Researchers from the University of Florida and Villanova University reckon ransomware can be stopped by watching what it's doing to the target's files.
Taking a “save what you can” approach, the authors of this PDF reckon in their tests they were able to lower the boom on ransomware when it had encrypted just 0.2 per cent of files on their test setup.
The paper identifies three primary indicators that a program is encrypting files against the user's wishes:
- Bulk modification of file types;
- Dissimilarity – the encrypted file looks nothing like the plaintext. This, after all, is a characteristic of all encryption;
- Entropy – encryption should produce consistently high entropy in its output.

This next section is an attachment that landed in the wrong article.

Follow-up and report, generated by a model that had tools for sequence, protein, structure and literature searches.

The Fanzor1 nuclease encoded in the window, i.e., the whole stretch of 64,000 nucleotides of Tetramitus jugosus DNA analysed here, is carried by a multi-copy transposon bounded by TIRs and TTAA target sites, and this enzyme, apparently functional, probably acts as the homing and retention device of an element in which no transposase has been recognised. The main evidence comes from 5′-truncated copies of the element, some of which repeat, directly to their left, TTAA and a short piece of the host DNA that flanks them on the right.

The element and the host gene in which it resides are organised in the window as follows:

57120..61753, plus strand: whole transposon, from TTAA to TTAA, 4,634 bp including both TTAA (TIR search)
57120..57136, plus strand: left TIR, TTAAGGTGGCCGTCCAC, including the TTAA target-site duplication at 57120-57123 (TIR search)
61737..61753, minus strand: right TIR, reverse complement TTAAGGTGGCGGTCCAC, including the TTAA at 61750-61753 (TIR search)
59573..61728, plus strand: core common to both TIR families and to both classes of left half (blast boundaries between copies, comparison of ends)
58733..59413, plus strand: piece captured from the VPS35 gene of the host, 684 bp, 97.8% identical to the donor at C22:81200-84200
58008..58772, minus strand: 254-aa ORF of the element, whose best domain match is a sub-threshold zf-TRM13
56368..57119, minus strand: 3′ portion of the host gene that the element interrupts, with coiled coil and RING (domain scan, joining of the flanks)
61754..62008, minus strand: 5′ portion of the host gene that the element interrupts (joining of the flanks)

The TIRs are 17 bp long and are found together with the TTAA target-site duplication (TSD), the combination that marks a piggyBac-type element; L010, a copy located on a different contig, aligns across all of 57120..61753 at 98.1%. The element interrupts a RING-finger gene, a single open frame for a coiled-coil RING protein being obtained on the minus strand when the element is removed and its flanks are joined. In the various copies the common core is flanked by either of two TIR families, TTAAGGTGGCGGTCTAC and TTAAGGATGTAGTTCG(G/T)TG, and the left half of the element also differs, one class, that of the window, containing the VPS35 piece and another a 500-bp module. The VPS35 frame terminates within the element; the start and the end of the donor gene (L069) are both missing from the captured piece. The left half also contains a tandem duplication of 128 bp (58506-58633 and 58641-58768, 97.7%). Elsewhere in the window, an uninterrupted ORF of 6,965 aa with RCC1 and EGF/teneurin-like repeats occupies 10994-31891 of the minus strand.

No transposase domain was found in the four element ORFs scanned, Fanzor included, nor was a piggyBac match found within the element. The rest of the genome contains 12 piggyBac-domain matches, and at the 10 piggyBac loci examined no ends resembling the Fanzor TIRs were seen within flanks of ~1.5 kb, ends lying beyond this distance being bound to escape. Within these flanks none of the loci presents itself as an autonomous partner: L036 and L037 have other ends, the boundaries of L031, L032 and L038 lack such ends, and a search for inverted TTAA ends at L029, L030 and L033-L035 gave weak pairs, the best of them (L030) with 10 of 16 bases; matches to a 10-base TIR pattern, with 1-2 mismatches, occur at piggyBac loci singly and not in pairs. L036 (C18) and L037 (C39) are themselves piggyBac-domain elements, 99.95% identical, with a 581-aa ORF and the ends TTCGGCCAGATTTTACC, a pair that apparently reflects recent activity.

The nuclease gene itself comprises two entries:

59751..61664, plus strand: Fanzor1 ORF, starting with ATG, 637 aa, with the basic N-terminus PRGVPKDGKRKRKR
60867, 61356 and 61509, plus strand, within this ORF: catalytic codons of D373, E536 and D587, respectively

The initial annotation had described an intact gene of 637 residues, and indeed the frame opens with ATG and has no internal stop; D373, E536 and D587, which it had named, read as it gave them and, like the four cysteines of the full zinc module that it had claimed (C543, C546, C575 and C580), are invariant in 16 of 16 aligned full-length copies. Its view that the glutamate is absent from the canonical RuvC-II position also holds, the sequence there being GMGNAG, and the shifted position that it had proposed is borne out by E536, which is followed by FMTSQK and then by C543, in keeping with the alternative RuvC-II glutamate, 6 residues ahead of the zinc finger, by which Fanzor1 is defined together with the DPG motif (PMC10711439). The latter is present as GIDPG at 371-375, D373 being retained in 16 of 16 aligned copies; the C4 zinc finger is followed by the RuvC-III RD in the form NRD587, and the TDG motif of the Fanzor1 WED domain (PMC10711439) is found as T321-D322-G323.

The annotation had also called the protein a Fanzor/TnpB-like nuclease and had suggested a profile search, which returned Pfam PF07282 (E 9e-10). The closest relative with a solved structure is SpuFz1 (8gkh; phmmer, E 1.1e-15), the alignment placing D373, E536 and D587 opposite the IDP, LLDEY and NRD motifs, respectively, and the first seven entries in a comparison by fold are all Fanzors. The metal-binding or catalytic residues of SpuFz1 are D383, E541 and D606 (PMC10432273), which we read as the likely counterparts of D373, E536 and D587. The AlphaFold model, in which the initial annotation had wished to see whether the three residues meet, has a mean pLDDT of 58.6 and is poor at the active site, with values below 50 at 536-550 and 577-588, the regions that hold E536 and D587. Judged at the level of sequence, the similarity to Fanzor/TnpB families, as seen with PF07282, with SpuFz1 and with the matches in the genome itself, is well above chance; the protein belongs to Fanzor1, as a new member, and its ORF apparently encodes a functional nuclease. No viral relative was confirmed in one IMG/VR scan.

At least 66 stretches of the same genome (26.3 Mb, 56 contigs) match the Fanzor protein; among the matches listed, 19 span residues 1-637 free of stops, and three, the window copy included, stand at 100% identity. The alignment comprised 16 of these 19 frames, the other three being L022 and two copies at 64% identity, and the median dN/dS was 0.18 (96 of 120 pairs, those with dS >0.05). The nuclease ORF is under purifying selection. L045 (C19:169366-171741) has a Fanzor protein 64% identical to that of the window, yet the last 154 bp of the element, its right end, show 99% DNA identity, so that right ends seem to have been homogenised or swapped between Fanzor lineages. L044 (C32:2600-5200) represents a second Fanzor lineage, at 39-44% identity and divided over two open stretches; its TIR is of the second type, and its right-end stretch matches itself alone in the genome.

- Secondary indicators – there are secondary indicators that can support the three above, such as deleting files in bulk; file type funnelling, in which everything the malware produces results in the same type of file.
To support the second primary indicator, the similarity measurement, the researchers use a tool called
sdhash which produces a similarity score between two files – in this case, the unencrypted and the encrypted file.
Crypto Drop architecture
The researchers reckon their median performance for all samples was 10 lost files out of a total of 5,099 – 0.2 per cent.
The paper notes that in its current state, Crypto Drop has to rely on the user to distinguish between legitimate activity (encrypting files with PGP or a compression tool) and an attack.
Ransomware families tested against Crypto Drop
Even if that can't be eliminated, Vulture South is sure anyone who's received a ransom note and paid a Bitcoin to recover their files would rather click a dialogue saying “it's okay, I'm zipping the files” instead of coughing up.
The research was presented to the recent IEEE ICDCS conference in Japan. ®